The Science of Encounter Killings in the Saffron Lab
Encountered on Saffron Agenda is a documentary by Shubhradeep Chakravorty on encounter killings in Gujarat. Since the film is a close and ruthless look at the ‘science’ of encounter killings in the saffron laboratory of Gujarat, it is not surprising that has been attacked by the Sangh mobs when screened in Bhopal and Jaipur.
An encounter killing in Gujarat is more sinister than the casual usage of the term implies. To speak of encounter killings in Gujarat is to speak of cold blooded murder planned by the state, politically strategized murder worked out to the last detail. Shubhradeep Chakravorty’s new film takes a detailed look at four encounter killings in Gujarat and exposes starkly the complicity of the state and the hollowness of its claims.
Each time an encounter killing took place, the Gujarat police would file an FIR saying that the accused was a dreaded anti-national, on every terrorist list. In each case, it also stated invariably, that their intention was to assassinate Narendra Modi. In this manner, Modi became a hero to be worshipped, the leader of a state under attack. The case of Sohrabbuddin Shaikh brought the issue into the public domain. But Gujarat is a land of many more Sohrabuddins. The film sheds light on some of these stories, interviewing friends, family and co-accused to uncover the gory trail that led to these deaths. Through documents, newspaper articles and interviews, Chakravorty reconstructs a chilling paper trail that leads to the final killing.
The petty criminal becomes a lurking assassin, a dreaded terrorist, out to kill Modi. In each case, those who fell to the police bullets were Muslim men and women, from lower class families and with little education. There is the case of Sadih Jamal Mahtar, booked in two cases of altercation and gambling, who was shot down because it is said he was plotting to wage war against the state. Each case is ridden with loopholes. The claims defy all credulity. For example, it is inconceivable that Samir Khan Pathan, guarded by 22 policemen, would try to escape by snatching a policeman’s gun and firing, as the FIR claims.
Especially tragic is the case of Ishrat Jahan, Javed Shaikh and two nameless others identified as Pakistani nationals. The camera shows their dead bodies, lying bullet-ridden on the road, splashed in the photographs of leading dailies. The police claimed that they were militants, engaged in the manufacture of bombs and targeting Narendra Modi; and that these highly-trained militants were carrying bombs in their car shaped like coconuts. The film interviews Javed’s father, Gopinath Pillai who narrates how just days before his son’s death, he presented his family with coconuts for drinking and cooking! There is little else to be said.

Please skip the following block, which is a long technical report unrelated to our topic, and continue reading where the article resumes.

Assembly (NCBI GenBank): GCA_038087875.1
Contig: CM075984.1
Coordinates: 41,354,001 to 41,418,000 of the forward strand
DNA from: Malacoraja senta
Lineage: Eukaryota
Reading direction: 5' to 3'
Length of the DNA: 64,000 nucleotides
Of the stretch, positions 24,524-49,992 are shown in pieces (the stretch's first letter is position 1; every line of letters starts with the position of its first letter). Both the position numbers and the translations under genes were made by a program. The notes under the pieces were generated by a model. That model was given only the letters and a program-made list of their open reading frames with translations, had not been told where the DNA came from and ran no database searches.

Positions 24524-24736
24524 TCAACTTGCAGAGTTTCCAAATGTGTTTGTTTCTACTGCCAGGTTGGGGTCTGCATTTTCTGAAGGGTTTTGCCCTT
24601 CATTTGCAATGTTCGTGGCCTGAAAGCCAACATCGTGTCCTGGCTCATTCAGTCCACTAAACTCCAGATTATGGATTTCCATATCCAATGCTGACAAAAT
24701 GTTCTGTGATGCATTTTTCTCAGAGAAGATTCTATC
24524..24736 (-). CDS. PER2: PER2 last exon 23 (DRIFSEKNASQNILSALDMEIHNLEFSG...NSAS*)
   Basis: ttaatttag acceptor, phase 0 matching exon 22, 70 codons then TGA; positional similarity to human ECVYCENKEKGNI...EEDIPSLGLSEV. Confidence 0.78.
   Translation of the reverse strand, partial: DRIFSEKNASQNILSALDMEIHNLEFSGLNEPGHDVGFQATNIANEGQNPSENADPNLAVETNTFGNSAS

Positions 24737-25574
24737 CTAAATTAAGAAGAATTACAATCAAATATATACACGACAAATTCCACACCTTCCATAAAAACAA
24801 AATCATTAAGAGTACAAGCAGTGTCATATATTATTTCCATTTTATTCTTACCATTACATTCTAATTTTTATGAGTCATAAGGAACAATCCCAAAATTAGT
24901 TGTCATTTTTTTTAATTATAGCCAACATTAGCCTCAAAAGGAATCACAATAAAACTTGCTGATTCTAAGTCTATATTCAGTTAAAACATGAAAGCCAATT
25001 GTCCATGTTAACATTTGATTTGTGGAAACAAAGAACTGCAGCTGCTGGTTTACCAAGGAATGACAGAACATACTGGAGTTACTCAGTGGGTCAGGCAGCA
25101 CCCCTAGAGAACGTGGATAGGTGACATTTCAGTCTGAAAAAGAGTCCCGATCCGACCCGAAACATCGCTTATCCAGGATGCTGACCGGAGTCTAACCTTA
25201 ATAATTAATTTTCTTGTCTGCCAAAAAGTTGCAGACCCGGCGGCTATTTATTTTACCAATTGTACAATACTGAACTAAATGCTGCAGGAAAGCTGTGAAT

But the truth is that the facts no longer matter. In India, an encounter killing is a commonplace thing. But here, these are public killings staged away from the public eye. Despite engaging in gun-battles, the police never suffer any injuries. As the father of one of the victims states, “not even a dog got killed, not even a tree got a bullet.” No one in the neighborhood hears the sound of firing. There are allegations of rape and torture in police custody, before death in an unknown location.
None of the details offered by the police or the state stand up to any scrutiny. In each case, the accused are exonerated in legal proceedings, but this has little value in the face of the finality of death. Witnesses to police brutality are eliminated with an ease that is astounding. In this realm of half-truths and outright lies, the film also catalogues the complicity of the media, and its willingness to unquestioningly accept the claims of the police.
Chakravorty has done a courageous job of uncovering the truth and fixing responsibility. The courage of all those whom he interviews, who come together to accuse the state of its crimes is also exceptional. That the film has served to unmask the truth and unsettle those whom it indicts is very clear: witness the attempts of the Bajrang Dal to prevent screening of the film in Bhopal and Jaipur (the capitals of BJP-ruled MP and Rajasthan).
To unmask the truth is one thing. Far more difficult to get the machineries of the state to act upon its own servants. Behind each encounter killing is not simply the hand of a police officer like Vanzara, but a complicity stretching up to Narendra Modi. Until such time as the guilty are punished, the deaths of those murdered by the state in cold-blood continue to stare us in the face.
- Meera Visvanathan